The Georgia Hospital Association did not respond to questions about the report.
Other advocates say hospitals were focused on managing pandemic response and had bigger fish to fry at the time than shepherding an inspector when staff were needed for all-hands-on-deck pandemic work.
But the inspections mattered, the report says.
“Hospitals that cannot control the spread of emerging infectious diseases within their facilities risk spreading a disease such as COVID-19 to patients and staff,” the inspector general found.
“CMS could not ensure that accredited hospitals would continue to provide quality care and operate safely during the COVID-19 emergency, and cannot ensure quality and safety at accredited hospitals when a future emerging infectious disease threatens the United States.”
A history of delay
For years, Georgia has lagged on inspections of health facilities. The situation became more dire last year, as COVID-19 cases and deaths mounted.
Last spring, CMS ordered all states to conduct on-site targeted inspections of nursing homes. Georgia was among the last states to complete the inspections, wrapping them up by the July 31 deadline to avoid financial penalties.
The Department of Community Health told the AJC at the time that those delays resulted from a shortage of inspectors, with nearly half of its inspector positions vacant.
The state has previously struggled to keep qualified staff in the health bureaucracy field, sometimes offering wages that are below poverty level for a family of four.
When it came to the hospital inspections, the federal government was trying to be prepared.
Because private accreditation organizations check standards at some 4,200 U.S. hospitals, CMS in March 2020 asked them to see if those under their purview were taking appropriate measures to control the spread of the coronavirus.
But CMS doesn’t have authority over the independent organizations, and the organizations didn’t conduct any on-site inspections as of January 2021.
The Joint Commission, a major U.S. accreditation organization, told The Atlanta Journal-Constitution in a written statement that it “could not perform surveys on-site at a time when our surveyors might be endangered.” Instead, it said, it relied on a virtual survey process at hospitals it accredits.
Because CMS pays state agencies to do inspections and can prioritize their workload, it did direct them to conduct infection-control surveys at the 500 hospitals they certify, and to prioritize complaints about infection-control problems at accredited hospitals.
Some states did a limited number of the infection-control inspections between March 2 and Aug. 17 of last year. But as of the August date, 13 states, including Georgia, had done none.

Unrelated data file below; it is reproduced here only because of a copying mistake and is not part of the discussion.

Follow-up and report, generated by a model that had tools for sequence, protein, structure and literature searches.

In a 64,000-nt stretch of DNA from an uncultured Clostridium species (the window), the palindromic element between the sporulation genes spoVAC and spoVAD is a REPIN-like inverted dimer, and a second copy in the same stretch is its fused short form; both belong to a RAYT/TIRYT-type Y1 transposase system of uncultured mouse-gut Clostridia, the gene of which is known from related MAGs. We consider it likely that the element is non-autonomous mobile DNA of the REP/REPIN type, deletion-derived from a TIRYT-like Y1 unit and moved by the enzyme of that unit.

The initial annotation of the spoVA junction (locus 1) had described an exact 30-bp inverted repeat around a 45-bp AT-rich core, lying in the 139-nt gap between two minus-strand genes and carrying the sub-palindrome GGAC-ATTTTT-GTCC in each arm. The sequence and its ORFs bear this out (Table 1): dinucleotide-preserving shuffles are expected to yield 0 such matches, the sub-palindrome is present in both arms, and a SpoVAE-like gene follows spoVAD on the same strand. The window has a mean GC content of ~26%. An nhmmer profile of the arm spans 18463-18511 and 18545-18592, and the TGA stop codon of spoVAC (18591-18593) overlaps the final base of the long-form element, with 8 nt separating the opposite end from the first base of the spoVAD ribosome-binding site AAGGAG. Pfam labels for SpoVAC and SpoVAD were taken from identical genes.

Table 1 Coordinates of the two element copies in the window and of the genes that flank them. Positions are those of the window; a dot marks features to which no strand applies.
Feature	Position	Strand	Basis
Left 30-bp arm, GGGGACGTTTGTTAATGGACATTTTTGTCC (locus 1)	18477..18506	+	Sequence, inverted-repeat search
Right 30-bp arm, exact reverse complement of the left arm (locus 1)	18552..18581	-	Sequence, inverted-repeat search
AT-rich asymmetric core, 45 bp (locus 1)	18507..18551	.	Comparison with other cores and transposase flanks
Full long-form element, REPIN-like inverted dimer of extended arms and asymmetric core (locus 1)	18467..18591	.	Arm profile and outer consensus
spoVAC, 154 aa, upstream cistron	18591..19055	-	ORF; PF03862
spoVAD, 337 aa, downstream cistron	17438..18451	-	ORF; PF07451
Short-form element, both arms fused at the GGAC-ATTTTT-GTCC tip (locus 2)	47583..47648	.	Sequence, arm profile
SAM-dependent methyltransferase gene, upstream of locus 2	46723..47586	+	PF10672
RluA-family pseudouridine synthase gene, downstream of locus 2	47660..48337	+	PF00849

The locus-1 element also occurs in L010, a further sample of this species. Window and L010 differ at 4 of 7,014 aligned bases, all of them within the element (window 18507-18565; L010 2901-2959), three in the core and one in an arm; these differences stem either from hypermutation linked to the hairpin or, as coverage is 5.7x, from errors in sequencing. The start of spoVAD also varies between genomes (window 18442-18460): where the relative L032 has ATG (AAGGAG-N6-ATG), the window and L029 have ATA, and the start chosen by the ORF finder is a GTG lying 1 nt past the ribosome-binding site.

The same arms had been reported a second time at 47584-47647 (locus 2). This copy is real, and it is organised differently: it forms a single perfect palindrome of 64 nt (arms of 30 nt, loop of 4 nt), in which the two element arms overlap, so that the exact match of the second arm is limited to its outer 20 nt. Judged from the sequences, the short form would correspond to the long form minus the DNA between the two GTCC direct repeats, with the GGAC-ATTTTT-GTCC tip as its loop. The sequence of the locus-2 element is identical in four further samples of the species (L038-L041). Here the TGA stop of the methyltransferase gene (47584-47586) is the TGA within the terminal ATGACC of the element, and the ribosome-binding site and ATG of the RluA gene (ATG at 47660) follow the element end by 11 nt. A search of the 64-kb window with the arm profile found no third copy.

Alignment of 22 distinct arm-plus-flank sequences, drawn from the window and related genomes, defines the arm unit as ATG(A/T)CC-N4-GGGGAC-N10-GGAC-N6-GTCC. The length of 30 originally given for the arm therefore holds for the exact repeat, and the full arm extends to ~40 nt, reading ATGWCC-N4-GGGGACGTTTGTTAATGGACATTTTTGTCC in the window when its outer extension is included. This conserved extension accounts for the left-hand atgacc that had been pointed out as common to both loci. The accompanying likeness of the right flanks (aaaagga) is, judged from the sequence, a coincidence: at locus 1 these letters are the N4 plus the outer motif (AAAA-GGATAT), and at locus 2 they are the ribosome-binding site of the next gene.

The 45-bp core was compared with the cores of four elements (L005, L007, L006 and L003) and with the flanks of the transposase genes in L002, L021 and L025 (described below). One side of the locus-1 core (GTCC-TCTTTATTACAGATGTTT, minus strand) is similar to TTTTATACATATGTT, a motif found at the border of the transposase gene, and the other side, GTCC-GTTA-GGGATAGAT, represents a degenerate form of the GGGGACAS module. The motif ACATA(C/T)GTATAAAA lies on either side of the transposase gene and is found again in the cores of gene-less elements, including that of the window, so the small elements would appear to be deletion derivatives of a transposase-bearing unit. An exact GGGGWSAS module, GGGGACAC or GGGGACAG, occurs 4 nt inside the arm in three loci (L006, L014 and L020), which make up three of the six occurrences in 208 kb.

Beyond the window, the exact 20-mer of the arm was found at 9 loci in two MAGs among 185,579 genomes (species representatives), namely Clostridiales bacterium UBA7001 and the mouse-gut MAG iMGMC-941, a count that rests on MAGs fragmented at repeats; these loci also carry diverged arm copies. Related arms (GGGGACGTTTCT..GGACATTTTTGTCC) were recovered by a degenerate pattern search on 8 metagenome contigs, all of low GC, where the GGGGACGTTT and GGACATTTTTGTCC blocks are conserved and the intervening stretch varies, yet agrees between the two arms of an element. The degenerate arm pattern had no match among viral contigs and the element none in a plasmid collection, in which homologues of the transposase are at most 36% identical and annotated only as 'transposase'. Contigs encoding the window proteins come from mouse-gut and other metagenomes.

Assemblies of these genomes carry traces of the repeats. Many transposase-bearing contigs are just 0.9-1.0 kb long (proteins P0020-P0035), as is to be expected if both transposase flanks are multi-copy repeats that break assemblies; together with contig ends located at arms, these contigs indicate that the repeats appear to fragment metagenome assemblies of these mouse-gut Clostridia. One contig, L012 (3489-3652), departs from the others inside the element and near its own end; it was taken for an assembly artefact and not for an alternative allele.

By March of this year, six of the 13 states have done some infection surveys, according to the inspector general’s report. It does not name the six states.
However, the DCH website does not show targeted infection-control inspections at Georgia hospitals since March 2020. A DCH spokeswoman said that the agency’s current priority for acute care is investigation of pending complaints.
The inspector general’s report does not say whether CMS sanctioned any states for failing to do the hospital inspections.
Infection control crucial
A consultant who represents some smaller Georgia hospitals, Jimmy Lewis, said that hospitals were motivated on their own to do premium infection control during the pandemic, implementing measures such as requiring constant high-level mask wearing and shutting out visitors.
“If they were unsafe, were they unsafe because they didn’t do inspections?” Lewis said. “My gut feel on that is no.”
From Lewis’ viewpoint, the major infection-control preparedness problem was instead at a level far above hospitals: There turned out to be no national emergency stockpile of supplies.
An advocate for hospital infection-control workers said that rote, pop-in inspections in the middle of the pandemic would be too late to respond to major issues of the moment. That doesn’t mean the impulse is wrong, though, she said.
Linda Dickey, president-elect of the Association for Professionals in Infection Control and Epidemiology, said reviews by infection-control specialized staff are crucial, because hospital patient care staff are focused on other things. If systematic reviews aren’t done, and infection control professionals aren’t in place when the emergency arrives, infections can do worse damage.
“If that program is not strong, patients and staff are far more vulnerable to get an infection,” Dickey said. “It can be devastating.”
The inspector general did find that CMS had designed and implemented effective internal controls over emerging infection diseases, even though it lacked the authority to ensure hospitals were prepared. The report recommends that CMS make regulatory changes so during the next public health emergency it can require accreditation organizations to do special inspections, rather than just asking them to do so. CMS agreed.